Labels

If you have found this blog, it probably means you were searching for something that isn’t in the public eye. My intention is to promote awareness of artists that you would otherwise likely never know existed. If you like what you hear, support the artist by purchasing their music so that they can continue to create, and enjoy the release in the quality they intended.

Over the years this has grown into my own personal project, reviewing the artists that I discover and interest me. If you wish to see more of my work, particularly my more metal-orientated material, you can find me as a regular contributor for the online magazine
Axis of Metal.

My Sleeping Karma – Satya

Posted by T. Bawden Friday, 20 November 2009


My Sleeping Karma – Satya – 4.5/5
Link

Most comfortably fitting under the ‘stoner’ genre tag, it doesn’t quite fit; instead, for me, this is what stoner should sound like. Far removed from the ‘harsh’ sounds of many contemporaries, rather than feel as though it were composed by stoned musicians, it feels carefully orchestrated instead to make the listener feel its effects through the music. This is the stoner equivalent of ‘easy listening;’ the buddhist inspiration coming through loud and clear allowing you drift off into a psychedelic sleep, almost entirely void of anything but smooth grooves; this is music that lets you simply lie back and let it wash over you as you drift off to sleep, but not because its bad or uninteresting, rather because of such a calming and relaxing atmosphere they manage to create.

But perhaps what’s more impressive about this outfit is much like how ambient operates, as well as readily drifting into the background it holds up to intent listening just as readily; despite the overt ‘smooth’ tone to the proceedings, that isn’t produced through minimalism. The guitars are critical to this; the wonderfully thick bass gently performing a riff that merges into the back, creating this thick – almost sludgy – framework, ensnaring the rest of the instrumentation within its clutches. With a dry reverb and with plenty of tremolo, the guitar releases a variety of twangy 70s psychedelia upon the listener, all the time backed up by the thin space-like keyboards, hypnotically mesmerizing as they meander and shift, all the time weaving in and amongst each other, never becoming too alien from what came before but never quite capable of staying in the same place either.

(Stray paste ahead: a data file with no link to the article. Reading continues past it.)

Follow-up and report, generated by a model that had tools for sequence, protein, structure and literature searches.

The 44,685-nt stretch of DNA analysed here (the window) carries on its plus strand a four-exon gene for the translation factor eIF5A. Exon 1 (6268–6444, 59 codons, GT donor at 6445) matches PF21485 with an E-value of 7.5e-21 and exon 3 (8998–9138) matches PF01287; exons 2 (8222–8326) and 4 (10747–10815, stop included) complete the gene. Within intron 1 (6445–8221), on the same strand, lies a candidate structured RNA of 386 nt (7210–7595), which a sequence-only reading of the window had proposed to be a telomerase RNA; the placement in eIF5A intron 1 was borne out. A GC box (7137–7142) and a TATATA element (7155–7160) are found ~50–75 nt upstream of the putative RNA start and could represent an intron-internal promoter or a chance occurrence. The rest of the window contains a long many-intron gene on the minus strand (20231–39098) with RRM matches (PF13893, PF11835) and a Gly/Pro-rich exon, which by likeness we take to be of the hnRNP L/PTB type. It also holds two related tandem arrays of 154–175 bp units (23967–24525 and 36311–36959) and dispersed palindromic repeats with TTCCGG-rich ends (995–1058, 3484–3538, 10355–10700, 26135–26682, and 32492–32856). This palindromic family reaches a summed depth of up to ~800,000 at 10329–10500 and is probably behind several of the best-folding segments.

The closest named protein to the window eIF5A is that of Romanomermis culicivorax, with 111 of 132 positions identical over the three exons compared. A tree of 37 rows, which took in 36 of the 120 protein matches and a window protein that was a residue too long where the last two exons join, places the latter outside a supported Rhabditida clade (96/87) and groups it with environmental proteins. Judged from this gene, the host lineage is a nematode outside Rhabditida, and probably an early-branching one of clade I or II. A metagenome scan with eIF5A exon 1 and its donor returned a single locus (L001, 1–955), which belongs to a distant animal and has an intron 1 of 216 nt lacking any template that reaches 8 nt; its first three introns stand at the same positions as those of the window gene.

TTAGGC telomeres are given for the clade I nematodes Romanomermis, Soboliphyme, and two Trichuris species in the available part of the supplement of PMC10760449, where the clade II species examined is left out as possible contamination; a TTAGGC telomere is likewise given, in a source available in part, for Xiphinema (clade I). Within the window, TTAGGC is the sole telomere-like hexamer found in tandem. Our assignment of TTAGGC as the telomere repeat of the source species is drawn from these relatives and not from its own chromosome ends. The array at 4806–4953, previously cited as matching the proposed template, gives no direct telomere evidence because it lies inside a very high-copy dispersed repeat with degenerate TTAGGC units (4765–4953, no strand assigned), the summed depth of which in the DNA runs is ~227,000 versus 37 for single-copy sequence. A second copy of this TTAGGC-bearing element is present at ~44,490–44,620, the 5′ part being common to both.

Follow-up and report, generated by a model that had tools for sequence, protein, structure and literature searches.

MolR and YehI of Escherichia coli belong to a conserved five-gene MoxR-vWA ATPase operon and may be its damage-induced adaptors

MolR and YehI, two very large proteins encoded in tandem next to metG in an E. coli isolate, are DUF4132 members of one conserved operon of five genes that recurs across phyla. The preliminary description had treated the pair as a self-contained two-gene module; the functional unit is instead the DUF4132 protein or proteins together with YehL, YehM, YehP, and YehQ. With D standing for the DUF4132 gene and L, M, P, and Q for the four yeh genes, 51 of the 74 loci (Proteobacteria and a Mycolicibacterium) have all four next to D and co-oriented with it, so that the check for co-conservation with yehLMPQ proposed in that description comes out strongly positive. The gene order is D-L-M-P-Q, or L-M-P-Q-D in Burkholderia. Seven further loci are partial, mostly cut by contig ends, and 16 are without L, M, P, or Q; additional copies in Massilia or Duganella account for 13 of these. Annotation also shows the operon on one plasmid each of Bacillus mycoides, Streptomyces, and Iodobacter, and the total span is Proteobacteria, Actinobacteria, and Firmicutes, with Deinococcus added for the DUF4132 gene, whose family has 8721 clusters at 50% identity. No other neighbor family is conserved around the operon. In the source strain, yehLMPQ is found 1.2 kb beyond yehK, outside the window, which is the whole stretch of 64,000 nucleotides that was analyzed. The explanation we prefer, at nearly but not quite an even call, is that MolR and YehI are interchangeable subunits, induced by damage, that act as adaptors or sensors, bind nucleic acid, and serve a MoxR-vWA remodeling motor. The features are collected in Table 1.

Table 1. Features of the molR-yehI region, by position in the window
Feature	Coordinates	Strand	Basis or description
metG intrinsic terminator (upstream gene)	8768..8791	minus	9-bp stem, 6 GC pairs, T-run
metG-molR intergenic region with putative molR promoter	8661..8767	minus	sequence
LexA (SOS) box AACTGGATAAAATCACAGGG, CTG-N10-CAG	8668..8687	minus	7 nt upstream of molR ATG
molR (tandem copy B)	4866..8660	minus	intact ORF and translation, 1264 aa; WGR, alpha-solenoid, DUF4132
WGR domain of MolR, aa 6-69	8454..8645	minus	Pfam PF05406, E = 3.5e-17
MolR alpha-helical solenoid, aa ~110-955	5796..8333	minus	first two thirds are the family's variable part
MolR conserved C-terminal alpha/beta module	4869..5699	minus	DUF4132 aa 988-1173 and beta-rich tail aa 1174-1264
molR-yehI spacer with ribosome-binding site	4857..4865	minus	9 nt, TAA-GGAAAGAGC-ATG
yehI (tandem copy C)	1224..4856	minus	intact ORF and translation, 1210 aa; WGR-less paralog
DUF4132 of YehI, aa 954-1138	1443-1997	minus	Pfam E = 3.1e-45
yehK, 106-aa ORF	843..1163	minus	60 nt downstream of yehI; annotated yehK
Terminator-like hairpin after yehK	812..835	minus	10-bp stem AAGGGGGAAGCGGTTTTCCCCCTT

But more thought has gone into this than the comparatively simple matter of writing the complementing guitar riffs; the composition of the tracks themselves have been carefully orchestrated to allow for a slow build up, the drums central in the manner the piece slowly increases in tension until the crescendo, and the resultant overbearing sense of weight, the depressive pressure of life grinding you down. Every drum beat seemingly a fraction of a second slow, struggling to slog through as best as they can, and all this reaches a peak with the only track with vocals (‘Svaatnaya’) deep, delicate and mournful, she floats across in powerful yet ethereal manner. The Zen Buddhist tone coming across thick, the notion of karma the belief clung to in order to pick yourself up and survive, even making use of short interludes between tracks to ‘refresh the musical palette.’

I can’t name another piece of music quite like this; an almost ambient or chillout inspired collaboration between ‘Sleep’ and ‘Hawkwind,’ easy to drift off to and yet emotionally thick; epic in tone and yet feeling so marvelously simple. This technically fits the genre of psychedelic stoner rock, but it’s without the bombast, the focus on hooks and catchy passages, the fuzzy echoing smooth grooves all too happily taking precedence and I wouldn’t want it any other way.

Highlights: Ahimsa, Satya, Svaatanya

0 comments

Search

Blog Archive

Guide

Guide to the Ratings
0/5 - This caused me physical pain
1/5 - This is really bloody awful
2/5 - This was below average
3/5 - This was above average
4/5 - This was pretty darn good.
5/5 - I cannot fault this epitome of perfection.

I cant guarantee all reviewers adhere to these guidelines, but work as a general guide.

Author's credit is given on all posts.